The State Journal-Register

October 4, 2001

Bush won't support farm bill 
   House Republicans ignores request to halt debate 


WASHINGTON - In an 11th-hour blow to farm-state lawmakers, the Bush administration on Wednesday came out against a $170 billion, 10-year farm bill that it said is too costly given the nation's economic problems.

The administration action stunned and angered supporters of the farm bill just as they were taking to the House floor to begin debate on the measure. In
defiance, the Republican leadership ignored the White House request to halt the debate.

House Agriculture Chairman Larry Combest, R-Texas, vowed to move forward. "We have worked during more than a year and a half with producers to fulfill my commitment to bring them a new farm policy,"
Combest said.

But the White House cited both the current national crisis and its specific objections to the bill, contending it would encourage overproduction when prices are low and would fail to help the farmers most in need.

"In the context of the current state of the nation, consideration of large new financial commitments that do not require immediate action are not timely,"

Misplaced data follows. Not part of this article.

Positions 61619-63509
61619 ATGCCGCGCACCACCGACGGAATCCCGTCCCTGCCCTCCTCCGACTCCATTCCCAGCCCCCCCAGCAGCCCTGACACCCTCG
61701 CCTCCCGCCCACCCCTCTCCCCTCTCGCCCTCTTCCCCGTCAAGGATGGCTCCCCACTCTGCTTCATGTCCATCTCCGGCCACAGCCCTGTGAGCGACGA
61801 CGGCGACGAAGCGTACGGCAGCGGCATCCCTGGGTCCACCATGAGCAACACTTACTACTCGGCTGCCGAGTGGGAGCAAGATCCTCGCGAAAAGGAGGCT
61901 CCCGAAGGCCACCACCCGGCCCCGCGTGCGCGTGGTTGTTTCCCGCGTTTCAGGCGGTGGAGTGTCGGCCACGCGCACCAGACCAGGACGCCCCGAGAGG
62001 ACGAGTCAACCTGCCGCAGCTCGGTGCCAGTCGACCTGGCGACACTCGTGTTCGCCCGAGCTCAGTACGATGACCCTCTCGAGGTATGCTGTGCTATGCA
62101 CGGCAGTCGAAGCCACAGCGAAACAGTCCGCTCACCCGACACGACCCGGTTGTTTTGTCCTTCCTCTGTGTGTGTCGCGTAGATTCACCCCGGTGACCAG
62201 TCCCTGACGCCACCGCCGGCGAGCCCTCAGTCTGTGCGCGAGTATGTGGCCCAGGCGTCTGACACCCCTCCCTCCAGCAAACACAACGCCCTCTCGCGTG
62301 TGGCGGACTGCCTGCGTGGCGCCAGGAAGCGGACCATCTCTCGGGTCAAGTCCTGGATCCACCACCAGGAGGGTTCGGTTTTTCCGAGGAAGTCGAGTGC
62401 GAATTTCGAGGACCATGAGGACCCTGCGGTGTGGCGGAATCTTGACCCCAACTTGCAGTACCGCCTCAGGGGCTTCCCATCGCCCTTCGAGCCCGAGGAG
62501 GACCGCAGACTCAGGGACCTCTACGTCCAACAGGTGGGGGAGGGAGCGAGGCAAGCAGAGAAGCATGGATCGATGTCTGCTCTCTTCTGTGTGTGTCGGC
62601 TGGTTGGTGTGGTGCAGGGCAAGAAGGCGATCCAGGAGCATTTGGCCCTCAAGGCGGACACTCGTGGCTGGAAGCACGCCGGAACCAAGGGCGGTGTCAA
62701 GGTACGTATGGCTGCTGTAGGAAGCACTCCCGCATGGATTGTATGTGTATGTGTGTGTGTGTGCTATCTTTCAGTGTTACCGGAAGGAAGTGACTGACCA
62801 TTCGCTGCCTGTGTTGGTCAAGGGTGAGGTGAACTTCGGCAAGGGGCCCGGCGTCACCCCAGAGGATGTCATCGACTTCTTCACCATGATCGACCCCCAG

the Office of Management and Budget (OMB) statement read. "In the near term, the administration is focusing on recovery and national security."

In addition, the House bill fails to take advantage of the opportunity to revamp the nation's farm programs to better address changes in the agriculture industry, the statement said.

House Budget Chairman Jim Nussle, R-Iowa, was angry at the administration's last-minute entry into the discussions.

"This isn't news that the economy is in trouble in farm country," Nussle said. "It's been that way for over four years."

The administration's position appeared to have little immediate effect on voting. The House rejected 238-187 an amendment that would have imposed strict $150,000-per-person limits on crop subsidies, saving $1.3 billion over 10 years. Just seven of Illinois' 20 House members, all from the Chicago area, supported the amendment.. House Speaker Dennis Hastert,
R-Yorkville, didn't vote.

Several central Illinois lawmakers are unwavering in their support of the overall bill. They include Reps. Ray LaHood, R-Peoria, John Shimkus, R-Collinsville, Tim Johnson, R-Urbana, and David Phelps, D-Eldorado.

Illinois is among the states that historically have benefited from the federal farm program, which favors farmers who grow certain crops, such as corn,
wheat, rice and cotton. Over the past five years, Illinois farmers together have received more federal farm subsidy money than any other state except
Iowa and Texas.

The bill approved by the House Agriculture Committee in July would increase farm spending overall by $73 billion over 10 years. The additional funding was to come from surplus funds projected when last spring's budget agreement was reached. But the projected surplus was rapidly dwindling even before the Sept. 11 terrorist attacks.